“He looked like a demon”: the distorting mirror of racism

When I was 14-15 or so, I only cared about writing. I devoured fiction in all forms, and had an attachment to the works of the Southern Gothic writers: Eudora Welty, William Faulkner, Tennessee Williams, Flannery O’Connor. I wrote a story in that vein, about two older women, one white, one black. The plot had the two of them remembering the reason that both became friends during segregated times. The white woman was turned out of her house for her romantic dalliance with a black boy, and her subsequent pregnancy. The boy’s family took her in, and the other woman was the boy’s sister. I don’t have a copy of the piece—the draft was done on college ruled notebook paper. I imagine that it was a jejune attempt, bit of Southern Gothic fan fiction.

I submitted the piece to the high school literary magazine, and it was accepted. And almost as soon as it was accepted, it was pulled. The school vice principal, who I’ll call Mr. D, objected to the content matter. It was immoral, and ‘ghetto.’ Mind you, I heard this second hand from the teacher who edited the literary magazine. Now, the school I attended was nominally a Christian Academy, and you were required to take religion class. Even so, the line of what was and wasn’t acceptable. For instance, we were required to read works by Wright and watch films about lynching—not exactly warm and fuzzy fare. I recall being kind of shocked that Mr. D had characterized it as ‘ghetto,’ as the story occurred in a rural small town. Then the light turned on in my head. It was ‘ghetto’ because it was about black people and I was a black person. Therefore, black = ghetto. So, the story about immoral, scary black people (and their white friends) was pulled. As a consolation, the editor/teacher published some of my poetry. (Thank God, I can’t find the literary magazine!)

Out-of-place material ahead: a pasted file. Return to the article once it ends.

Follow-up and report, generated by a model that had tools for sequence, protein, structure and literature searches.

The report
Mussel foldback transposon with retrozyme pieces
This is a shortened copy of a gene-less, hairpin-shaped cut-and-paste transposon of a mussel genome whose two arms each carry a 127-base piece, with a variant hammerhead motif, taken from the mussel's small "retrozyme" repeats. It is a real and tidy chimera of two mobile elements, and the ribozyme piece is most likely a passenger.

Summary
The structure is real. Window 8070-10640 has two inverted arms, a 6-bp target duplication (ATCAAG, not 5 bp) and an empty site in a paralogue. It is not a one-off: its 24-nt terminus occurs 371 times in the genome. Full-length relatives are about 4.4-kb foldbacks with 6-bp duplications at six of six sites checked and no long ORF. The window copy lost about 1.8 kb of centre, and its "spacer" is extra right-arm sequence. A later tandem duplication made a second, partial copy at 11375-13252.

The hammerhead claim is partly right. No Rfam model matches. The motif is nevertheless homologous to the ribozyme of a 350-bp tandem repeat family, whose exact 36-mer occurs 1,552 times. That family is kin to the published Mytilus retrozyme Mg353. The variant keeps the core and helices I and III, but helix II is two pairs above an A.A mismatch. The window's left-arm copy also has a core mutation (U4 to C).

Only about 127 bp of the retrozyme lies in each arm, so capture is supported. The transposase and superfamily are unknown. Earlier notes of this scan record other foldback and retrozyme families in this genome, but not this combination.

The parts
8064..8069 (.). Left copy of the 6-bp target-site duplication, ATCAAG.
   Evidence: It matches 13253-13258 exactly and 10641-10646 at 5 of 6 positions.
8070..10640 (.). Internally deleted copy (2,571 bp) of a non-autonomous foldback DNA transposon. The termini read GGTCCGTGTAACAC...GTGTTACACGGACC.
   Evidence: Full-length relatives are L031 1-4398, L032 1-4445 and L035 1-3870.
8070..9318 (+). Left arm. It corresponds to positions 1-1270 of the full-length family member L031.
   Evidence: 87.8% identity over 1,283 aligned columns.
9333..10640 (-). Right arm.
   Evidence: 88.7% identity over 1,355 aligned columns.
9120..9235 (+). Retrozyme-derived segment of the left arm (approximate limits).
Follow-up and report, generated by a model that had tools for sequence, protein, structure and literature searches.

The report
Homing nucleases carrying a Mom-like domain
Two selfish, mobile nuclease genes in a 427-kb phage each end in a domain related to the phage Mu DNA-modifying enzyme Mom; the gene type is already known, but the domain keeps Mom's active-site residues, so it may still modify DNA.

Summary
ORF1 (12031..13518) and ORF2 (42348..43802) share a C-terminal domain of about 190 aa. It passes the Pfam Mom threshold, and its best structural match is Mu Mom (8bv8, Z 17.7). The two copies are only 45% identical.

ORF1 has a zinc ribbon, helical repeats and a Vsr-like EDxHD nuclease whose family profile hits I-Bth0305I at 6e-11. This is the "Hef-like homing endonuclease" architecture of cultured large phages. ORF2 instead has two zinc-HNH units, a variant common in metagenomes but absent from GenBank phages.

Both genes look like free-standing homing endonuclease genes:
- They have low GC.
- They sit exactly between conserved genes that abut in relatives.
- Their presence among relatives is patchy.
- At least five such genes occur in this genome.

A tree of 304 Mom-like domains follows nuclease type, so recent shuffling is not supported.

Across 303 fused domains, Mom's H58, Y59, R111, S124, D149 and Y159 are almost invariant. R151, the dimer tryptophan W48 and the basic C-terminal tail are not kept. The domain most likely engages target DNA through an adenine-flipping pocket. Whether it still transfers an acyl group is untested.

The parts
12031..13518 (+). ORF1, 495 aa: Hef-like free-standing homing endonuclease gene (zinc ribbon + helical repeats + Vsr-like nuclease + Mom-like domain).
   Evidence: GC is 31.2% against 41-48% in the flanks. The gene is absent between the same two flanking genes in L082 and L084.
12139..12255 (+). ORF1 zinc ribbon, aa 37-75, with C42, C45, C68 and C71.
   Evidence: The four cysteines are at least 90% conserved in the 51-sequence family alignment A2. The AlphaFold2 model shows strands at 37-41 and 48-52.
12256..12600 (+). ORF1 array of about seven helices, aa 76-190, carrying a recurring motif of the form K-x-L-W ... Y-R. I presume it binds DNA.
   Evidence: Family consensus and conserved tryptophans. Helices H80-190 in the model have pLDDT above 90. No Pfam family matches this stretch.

I was never called a demon or a thug. You see, I was one of the ‘good ones,’ from a Talented Tenth in-tact family that lived in Washington’s Gold Coast. At five feet two inches tall, no-one is going to mistake me for a super scary black man. But even when you’re unthreateningly diminutive, and have a bonafide bourgeois pedigree, sometimes all people can see is your black skin.  Blackness that, in the white supremacist imagination, has corrosive properties.  See, racism is a funhouse mirror that distorts reality. It turns a gentle story about friendship into a lurid story about debased moral values.

That funhouse mirror turns a black boy into a demon or thug. It turns a slightly drunk young woman ringing a doorbell (because, doncha know, thieves always ring the doorbell) into a threat. A boy, carrying a toy gun in an “open-carry” state, becomes a threat. And on it goes.

Tamir Rice
Tamir Rice

Anyway, the magazine came out, and it had a story written by white girl. The story was about a young, unwed welfare mother who kills a john with lead pipe to feed her hungry son. The story begins with the words, “Momma, I be hoooongry.” The story had prostitution, murder, illegitimacy and actually was set in a ghetto. But, it was written by a blonde-haired, blue-eyed white girl; she could publish a fantasia no doubt inspired by Reagan’s mythical welfare queen. Somehow, that piece got past the moral crusader, but my piece, set in the rural South, was ‘ghetto.’